When Arlene Blum stepped on stage this spring at the 20th Anniversary Mountain Film Festival in Telluride, Colorado, the audience greeted her as if she were a patron saint. If paradise lies above 26,200 feet – the invisible boundary separating the world’s loftiest mountaintops from the rest – then Blum, 53, has been to paradise and back. She has made more than 300 successful ascents, including the first all-woman climb to the top of Denali, the American Bicentennial Everest Expedition, as well as a 2,400-mile trek across Bhutan, Nepal, and India.
Her appearance in Telluride marked the 20th anniversary of her most dramatic challenge: leading the first all-woman expedition up the treacherous slopes of Annapurna (in Nepal), the world’s 11th highest peak. The expedition – chronicled in a documentary, Annapurna: A Woman’s Place, and in Blum’s book of the same name (Sierra Club, 1980; to be reissued by Random House this October) – stands as a model of pioneering leadership.
Indeed, for the past 20 years, Blum has conducted seminars on leadership for organizations as diverse as Hewlett-Packard, Hitachi, the Girl Scouts, and government agencies in the United States and India. What separates people who make it to the top from those who don’t? “The real dividing line is passion,” says Blum. “As long as you believe that what you’re doing is meaningful, you can cut through fear and exhaustion and take the next step.” Blum shared her step-by-step guide to making it to the top with Fast Company.
If you can’t picture it, you won’t make it.
“To get anywhere – in climbing or in business – you have to know where you’re headed. I’m not talking about ‘corporate vision.’ I’m talking about a clear picture that depicts where you, the individual, want to go. I started doing this in college, when I saw the movie Endless Summer. I thought, Why can’t I do an ‘endless winter’ and travel the world looking for the perfect mountain? So I drew a line around the globe that connected the best mountain ranges. I recruited some friends, and we did it – 15 consecutive expeditions in as many months.
A decade later, I drew a line on a map across the Himalayas – and created the Great Himalayan Traverse, a 2,400-mile trek across three countries.
“The biggest complaint I hear from businesspeople is ‘I can’t create a vision, because my boss sets the goals.’ But as soon as these people map out a picture of their work, they realize that they know more than they thought they did – and that they have more power to change things than they imagine.”
Choose your companions as if your life depended on it.
“The best way to pick your teammates is to let them pick themselves – through self-selection. When I’m putting an expedition team together, I invite all the candidates to go on a practice climb. We’ll go to the Sierras in the middle of winter, when it’s cold and miserable. I’m not looking to see if they’re good enough; I want to know if they’re enjoying it. That’s going to matter in the Himalayas – when the glamour fades and the hard work sets in.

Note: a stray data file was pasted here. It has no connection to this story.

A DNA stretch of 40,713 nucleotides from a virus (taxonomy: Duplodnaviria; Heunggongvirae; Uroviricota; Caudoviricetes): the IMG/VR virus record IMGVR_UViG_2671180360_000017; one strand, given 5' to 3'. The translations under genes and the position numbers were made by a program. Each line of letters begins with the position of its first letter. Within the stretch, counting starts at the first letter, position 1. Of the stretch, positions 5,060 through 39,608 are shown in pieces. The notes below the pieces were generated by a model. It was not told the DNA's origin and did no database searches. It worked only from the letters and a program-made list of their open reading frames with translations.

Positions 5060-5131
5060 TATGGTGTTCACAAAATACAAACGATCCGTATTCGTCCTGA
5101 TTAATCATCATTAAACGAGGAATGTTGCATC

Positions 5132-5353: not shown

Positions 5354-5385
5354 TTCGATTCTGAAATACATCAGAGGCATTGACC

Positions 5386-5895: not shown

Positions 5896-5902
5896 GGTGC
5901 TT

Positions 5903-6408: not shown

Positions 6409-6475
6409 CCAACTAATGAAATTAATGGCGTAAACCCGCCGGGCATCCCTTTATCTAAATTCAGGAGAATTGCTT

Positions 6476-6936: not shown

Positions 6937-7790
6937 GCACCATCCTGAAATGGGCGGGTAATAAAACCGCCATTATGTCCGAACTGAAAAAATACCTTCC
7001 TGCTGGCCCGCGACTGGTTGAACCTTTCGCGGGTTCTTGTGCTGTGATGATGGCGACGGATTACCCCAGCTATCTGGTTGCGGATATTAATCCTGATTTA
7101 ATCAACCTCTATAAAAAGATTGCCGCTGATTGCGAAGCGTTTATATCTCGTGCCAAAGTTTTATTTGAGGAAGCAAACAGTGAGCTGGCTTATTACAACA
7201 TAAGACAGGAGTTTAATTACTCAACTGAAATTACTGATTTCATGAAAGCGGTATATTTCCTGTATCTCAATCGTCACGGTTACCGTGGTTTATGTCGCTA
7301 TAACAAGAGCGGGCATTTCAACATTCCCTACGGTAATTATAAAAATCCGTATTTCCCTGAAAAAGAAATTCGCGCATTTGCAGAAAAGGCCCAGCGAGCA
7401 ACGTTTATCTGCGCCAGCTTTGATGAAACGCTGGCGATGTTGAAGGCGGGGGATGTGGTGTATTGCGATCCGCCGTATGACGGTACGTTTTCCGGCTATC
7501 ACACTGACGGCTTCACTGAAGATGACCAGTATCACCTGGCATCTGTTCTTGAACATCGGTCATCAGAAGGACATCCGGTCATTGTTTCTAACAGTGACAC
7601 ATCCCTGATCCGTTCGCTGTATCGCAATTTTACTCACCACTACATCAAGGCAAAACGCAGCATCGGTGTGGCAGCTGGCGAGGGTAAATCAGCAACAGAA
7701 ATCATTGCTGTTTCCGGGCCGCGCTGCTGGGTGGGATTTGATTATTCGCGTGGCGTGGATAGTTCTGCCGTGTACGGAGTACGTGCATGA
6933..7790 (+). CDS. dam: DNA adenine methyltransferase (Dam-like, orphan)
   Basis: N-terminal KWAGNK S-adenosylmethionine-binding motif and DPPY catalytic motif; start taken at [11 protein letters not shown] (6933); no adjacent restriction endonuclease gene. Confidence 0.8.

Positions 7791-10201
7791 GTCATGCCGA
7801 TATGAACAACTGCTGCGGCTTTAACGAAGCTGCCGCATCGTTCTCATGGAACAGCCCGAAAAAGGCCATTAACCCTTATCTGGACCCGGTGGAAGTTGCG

“Once you find the right team, it’s your job as leader to make sure that everyone is in the right role. The best way to do that is to communicate relentlessly and realistically about performance. I learned this the hard way during the Annapurna expedition. The team member in charge of food had a narrow vision of what food was and how much we needed. Sure enough, partway through the expedition I found that we didn’t have enough food. I put someone else in the position. That was hard, but the success of the expedition depended on it.”
Leaders know when to put their foot down. And when to back down.
“Before we left for Nepal, we met with a psychologist who asked us what kind of leadership we wanted. The answer was unanimous: The group wanted a voice in all decisions and a strong leader who would take responsibility for those decisions. I ran into that paradox constantly on Annapurna. A strong leader is different from a dictator.
“This was never more apparent than when I presented my decision about who would lead the summit attempt. On the lower, safer slopes, we alternated leading – which everyone prefers – with following, which involves carrying heavy loads between camps. When we came to the steep, hard slopes just below the summit, I decided that only the four best ice climbers would lead. Everybody got unhappy. The people who were excluded from leading thought they’d lost their chance to reach the summit. Those I picked to lead weren’t comfortable with being singled out. Morale plummeted.
“I realized we had to stop to talk about it. And in the end, the group concluded that only the best ice climbers – the ones I had named – should lead. When people have their say, they’re more likely to accept and support a decision.”
The last 5% is the hardest part – and the most important.
“In so many of the things we do in life – from projects at work to household chores to climbing a mountain – we find reasons not to do the last 5%. With a Himalayan expedition, you spend years raising funds, you travel all the way to Nepal, you carry loads between camps for six weeks. Then, finally, it’s summit day and you’re hours from the top – but it’s too cold, it’s too steep, or you’re too tired.
“I’ve been so successful in my climbing because I usually haven’t turned back during that final, exhausting 5%. Making it to the top isn’t about a final sprint; it’s about maintaining your rhythm – even if that rhythm is five breaths for every one step. That kind of focus means that you’re more likely to have the energy to deal with unforeseen challenges – and less likely to lose sight of why you’re climbing the mountain in the first place.”
Contact Arlene Blum by email firstname.lastname@example.org or visit the Web www.arleneblum.com